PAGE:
Free Online Screen Sharing For Easy Support

You know how it goes.  You pick up the phone when it rings, and there's a desperate friend or family member on the other end who's having a problem with their PC.  So you try to talk them through the issue, and how to solve it, but you keeping finding yourself asking "What can you see on the screen now?" or "Can you see a box that says Open or Cancel"?
Being able to see the remote user's screen, and even take control of their mouse and keyboard remotely, would be really useful.  And while such features are actually built into recent versions of Windows, it's not always straightforward to enable or use them.  So here's a great alternative.
Next time you get the call, go to in your browser and then ask your user to do the same thing.   When your friend clicks the button to join the online meeting, they will  see a 9-digit code at the top of the screen.   So long as you both enter the same code (which will mean one of you reading out the code to the other, via the phone), your 2 machines are now linked.  You can request mouse or keyboard control of the other person's computer, so you can now talk on the phone and share screens too.
This makes troubleshooting so much easier, and the basic service is free to use too.  All you need is a computer and a web browser.  
To try it out, head to and you can get started straight away.

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Average: 4.3 (11 votes)

Comments might be OK to connect for some quick/easy minor work, but it lacks many of the features I use on team viewer.

I use Team Viewer to support family and friends across the country, including my sister in Hawaii and some in laws in Europe. Response time is pretty good on old slow systems (many have older PCs) and its a free service for non commercial use. I use team viewers ability to copy files and folders, remote print, remote reboot (and come back to the team viewer session) and remote reboot to safe mode. Team viewers chat box is very effective for sharing instructions. They provide a thinner client that installs a portable app and always start the latest version. I mean how much easier can it be for fully functional remote access to their PC? I have not tried some of the other team viewer features like access a PC from my android phone or using one of my Linux boxes, but I do have it installed.

Another good one that is free and easy for such one-off situations is Zoho Assist.

Very simple to set up a session. I use this with my elderly parents-in-law whenever I need assist them.

Keith R

Fortunately my computer knowledge is such that I never have to worry about receiving such phone calls. I'm acquainted with a few smart computer people who absolutely regret the day they decided to help family and friends every time there was a computer problem. Rarely are they compensated for their time and assistance. Sometimes the best way to help someone with computer issues is to force them to learn new things on their own and rely less on others.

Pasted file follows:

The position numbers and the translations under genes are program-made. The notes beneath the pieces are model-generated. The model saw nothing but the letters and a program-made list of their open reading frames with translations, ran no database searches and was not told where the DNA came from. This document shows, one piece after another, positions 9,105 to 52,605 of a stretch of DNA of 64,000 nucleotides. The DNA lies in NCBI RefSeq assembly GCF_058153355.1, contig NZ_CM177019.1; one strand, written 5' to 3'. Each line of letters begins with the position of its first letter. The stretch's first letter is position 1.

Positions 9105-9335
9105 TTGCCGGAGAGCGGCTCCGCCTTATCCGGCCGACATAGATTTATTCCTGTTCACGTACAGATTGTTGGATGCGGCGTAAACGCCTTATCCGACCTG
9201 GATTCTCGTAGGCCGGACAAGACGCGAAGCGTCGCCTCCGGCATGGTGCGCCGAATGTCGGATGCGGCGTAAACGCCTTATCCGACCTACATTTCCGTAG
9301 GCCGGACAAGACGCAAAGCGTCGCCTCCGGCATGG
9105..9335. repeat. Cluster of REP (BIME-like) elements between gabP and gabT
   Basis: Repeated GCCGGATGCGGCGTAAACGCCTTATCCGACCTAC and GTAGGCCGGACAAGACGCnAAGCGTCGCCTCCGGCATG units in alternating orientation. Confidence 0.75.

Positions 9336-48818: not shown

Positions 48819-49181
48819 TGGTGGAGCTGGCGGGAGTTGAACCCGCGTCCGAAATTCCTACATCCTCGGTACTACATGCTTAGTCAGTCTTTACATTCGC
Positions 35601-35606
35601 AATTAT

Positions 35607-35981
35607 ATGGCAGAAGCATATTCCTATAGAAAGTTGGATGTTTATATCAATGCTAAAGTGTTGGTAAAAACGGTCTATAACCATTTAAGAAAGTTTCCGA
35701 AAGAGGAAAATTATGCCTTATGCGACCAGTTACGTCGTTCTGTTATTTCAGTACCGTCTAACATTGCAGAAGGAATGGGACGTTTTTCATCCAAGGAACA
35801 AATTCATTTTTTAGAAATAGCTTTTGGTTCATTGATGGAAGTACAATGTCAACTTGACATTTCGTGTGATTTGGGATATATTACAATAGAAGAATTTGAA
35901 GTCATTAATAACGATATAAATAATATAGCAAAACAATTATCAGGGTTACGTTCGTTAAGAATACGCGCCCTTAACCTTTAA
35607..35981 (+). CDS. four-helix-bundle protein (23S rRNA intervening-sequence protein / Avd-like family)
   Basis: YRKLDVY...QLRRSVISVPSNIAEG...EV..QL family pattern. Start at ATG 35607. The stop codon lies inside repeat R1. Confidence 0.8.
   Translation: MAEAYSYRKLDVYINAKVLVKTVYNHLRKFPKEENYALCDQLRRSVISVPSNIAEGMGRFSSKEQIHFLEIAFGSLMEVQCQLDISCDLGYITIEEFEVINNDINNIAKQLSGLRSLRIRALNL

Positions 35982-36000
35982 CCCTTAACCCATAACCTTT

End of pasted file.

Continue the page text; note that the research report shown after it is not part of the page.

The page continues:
Your unanswered prayers about file transfer s/w (might) stand a better chance if you spread a little help, gotta sow to reap. I mean, if your family can't do you wrong what good are they? Some can teach themselves from a book but there still exist a dependency on others. You learned from your smart computer acquaintances not to help family and/or friends. ha. Let me climb down off of my soapbox before I slip and fall off and everybody starts laughing.

I'm just kidding, really.

Sad but true!

Crosseyedlemon: Very apt screen name.

Rob or anyone,
How does this compare with Team Viewer? (not so much in features but in latency, security etc... )

Teamviewer is not made by Logmein company which some people have had bad experience with regarding their antics with Logmein free years ago which was cancelled along with constant price hikes of Logmein paid and poor support.

Teamviwer has a lot of capability and their one time session app does not leave anything installed on the remote computer once the session is over with. Teamviewer allows one to transfer files to or from the remote computer and allows one to see what is being displayed on any of the monitors physcially attached to the remote computer.

I don't use TeamViewer but it seems like it is the standard that all others are compared to.

From a user perspective, TeamViewer and JoinMe use similar architectures which implies that their desings are considered close enough to optimal.

Security is unlikely to be a major issue because both organizations are aware of its importance. Both use the AES256-SHA suite. This is the same as https/SSL, which they also use for their websites, with 256-AES session encoding and 2048-bit RSA private/public key exchange.

Both use routing servers to ensure service continuity and connections are backed up so you don't lose a session if the connection to the primary server is broken. The location of the servers you are connected to probably has the biggest impact on performance. TeamViewer has a lot more servers in more locations than JoinMe so I would expect TeamViewer to have lower latency on average.